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The operating room at Fredericton’s Morgentaler abortion clinic is shown in 2002.DIANE DOIRON/The Globe and Mail

Women in New Brunswick are getting a new, full-service health clinic that will offer abortions thanks to more than $125,000 in crowdfunded donations that poured in last spring after the province's only freestanding abortion clinic announced it was shutting down.

The closing of the Fredericton Morgentaler clinic sparked a national debate about abortion access in rural Canada and prompted the Premier to loosen New Brunswick's rules for the public funding of the procedure, which had been the most restrictive in the country.

But the regulatory changes that kicked in Jan. 1 do not extend to private facilities such as the new health centre that will open in the Morgentaler clinic's old building, which means that women who end their pregnancies there will still have to pay out of their own pockets.

The pro-choice groups that led the fundraising drive have donated the cash to a local doctor, Adrian Eoin Edgar, who used it to buy the old Morgentaler building and set up a health centre called Clinic 554, said Jessi Taylor, a spokeswoman for Reproductive Justice NB.

The clinic, which is planning to open in the "coming weeks" to 600 patients who need a family doctor, will also specialize in treating gay, lesbian and transgender people. Dr. Edgar, the medical director, plans to offer a full suite of reproductive services, including contraception, cancer screening, prenatal care and abortions up to 16 weeks gestation at a cost of $700 to $850.

"It's not so much an abortion clinic as it is a family practice that offers abortions. That's excellent," Ms. Taylor said. "We hope the Premier will take this as a model and use it elsewhere."

New Brunswick Right to Life is urging the Premier to do just the opposite.

"Whatever else they offer, an abortion clinic is still an abortion clinic," Peter Ryan, the group's executive director, said in a statement. "Thousands of lives have been prematurely ended at this site, thousands of women have had to deal with emotional and physical injury from abortion. I wonder why any sane person would want to become a patient at such a place."

The barriers to ending a pregnancy in New Brunswick gained national and international attention last year when the Morgentaler facility announced it would stop the once-a-week clinic it had held for 20 years at 554 Brunswick St.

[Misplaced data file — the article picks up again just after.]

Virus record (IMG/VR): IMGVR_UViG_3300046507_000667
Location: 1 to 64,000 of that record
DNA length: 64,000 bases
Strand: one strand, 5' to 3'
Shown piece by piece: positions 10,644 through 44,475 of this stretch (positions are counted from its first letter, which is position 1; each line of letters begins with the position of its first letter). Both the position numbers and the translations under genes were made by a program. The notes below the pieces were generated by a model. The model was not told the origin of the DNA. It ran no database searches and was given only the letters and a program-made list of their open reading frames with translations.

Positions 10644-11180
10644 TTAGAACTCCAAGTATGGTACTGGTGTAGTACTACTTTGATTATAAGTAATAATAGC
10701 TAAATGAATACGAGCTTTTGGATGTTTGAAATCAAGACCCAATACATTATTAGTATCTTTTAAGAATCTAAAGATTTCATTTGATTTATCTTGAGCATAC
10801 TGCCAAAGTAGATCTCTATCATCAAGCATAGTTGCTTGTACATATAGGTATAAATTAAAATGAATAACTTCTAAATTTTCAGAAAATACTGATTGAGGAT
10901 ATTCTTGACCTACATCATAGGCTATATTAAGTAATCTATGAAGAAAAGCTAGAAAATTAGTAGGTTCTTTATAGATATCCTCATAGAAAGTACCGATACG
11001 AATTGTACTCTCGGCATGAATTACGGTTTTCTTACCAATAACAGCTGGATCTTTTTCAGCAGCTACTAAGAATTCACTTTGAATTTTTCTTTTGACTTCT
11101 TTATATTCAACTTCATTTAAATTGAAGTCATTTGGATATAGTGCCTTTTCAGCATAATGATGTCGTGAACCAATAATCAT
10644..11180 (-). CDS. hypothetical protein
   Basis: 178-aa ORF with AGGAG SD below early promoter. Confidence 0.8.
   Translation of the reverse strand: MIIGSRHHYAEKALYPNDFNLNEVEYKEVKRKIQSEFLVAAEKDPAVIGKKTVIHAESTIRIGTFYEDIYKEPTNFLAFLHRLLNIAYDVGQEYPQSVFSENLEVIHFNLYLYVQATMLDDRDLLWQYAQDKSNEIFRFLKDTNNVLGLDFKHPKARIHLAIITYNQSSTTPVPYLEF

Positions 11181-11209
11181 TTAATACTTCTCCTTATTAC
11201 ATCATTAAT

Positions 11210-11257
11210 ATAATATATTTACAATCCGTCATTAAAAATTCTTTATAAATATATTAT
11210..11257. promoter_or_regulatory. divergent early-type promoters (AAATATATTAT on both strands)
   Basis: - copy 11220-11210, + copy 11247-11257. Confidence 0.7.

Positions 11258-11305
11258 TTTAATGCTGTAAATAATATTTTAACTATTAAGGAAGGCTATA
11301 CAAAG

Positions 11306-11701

At the time, New Brunswick was the only province in Canada that required a woman to persuade two doctors it was "medically necessary" for her to have an abortion if she wanted to get Medicare coverage for the procedure. The old regulation also stipulated that the abortion be performed by a specialist – rather than a family doctor – in a hospital.

After the Morgentaler clinic closed in July, abortion access became an issue in the September election, in which Brian Gallant's Liberals unseated David Alward and the Progressive Conservatives.

In November, Mr. Gallant announced he would amend regulation 84-20 of the Medical Services Payment Act to eliminate the two-doctor approval rule and allow family physicians to receive public funds for performing abortions.

Mr. Gallant did not, however, scrap the requirement that abortions be done in a hospital. Unless that rule is changed, women who choose Clinic 554 for their abortions will have to pay.

Mr. Gallant's office declined an interview request on Friday. Health Minister Victor Boudreau said in an e-mailed statement that hospitals in the province are working to make the procedure more widely available.

"As it stands, this procedure will be funded by Medicare when done in a hospital like other insured services," Mr. Boudreau said. "Regional health authorities have been charged with increasing their capacity to provide this service in a timely and non-judgmental fashion."

Right now, only two hospitals in New Brunswick offer abortions: The Dr. Georges-L.-Dumont University Hospital Centre in Moncton and Chaleur Regional Hospital in Bathurst, both part of the province's French hospital network.

The English-language Horizon Health Network, which operates a dozen hospitals in the province, is preparing to offer abortions at some of its sites in April.

In the meantime, Dr. Edgar said in a statement that he hopes his new health centre will provide options for New Brunswick patients who are not well-served in the current system.

"We just wanted to do our part to contribute – to make sure all New Brunswickers have access to the same quality and range of health-care services that other provinces have."

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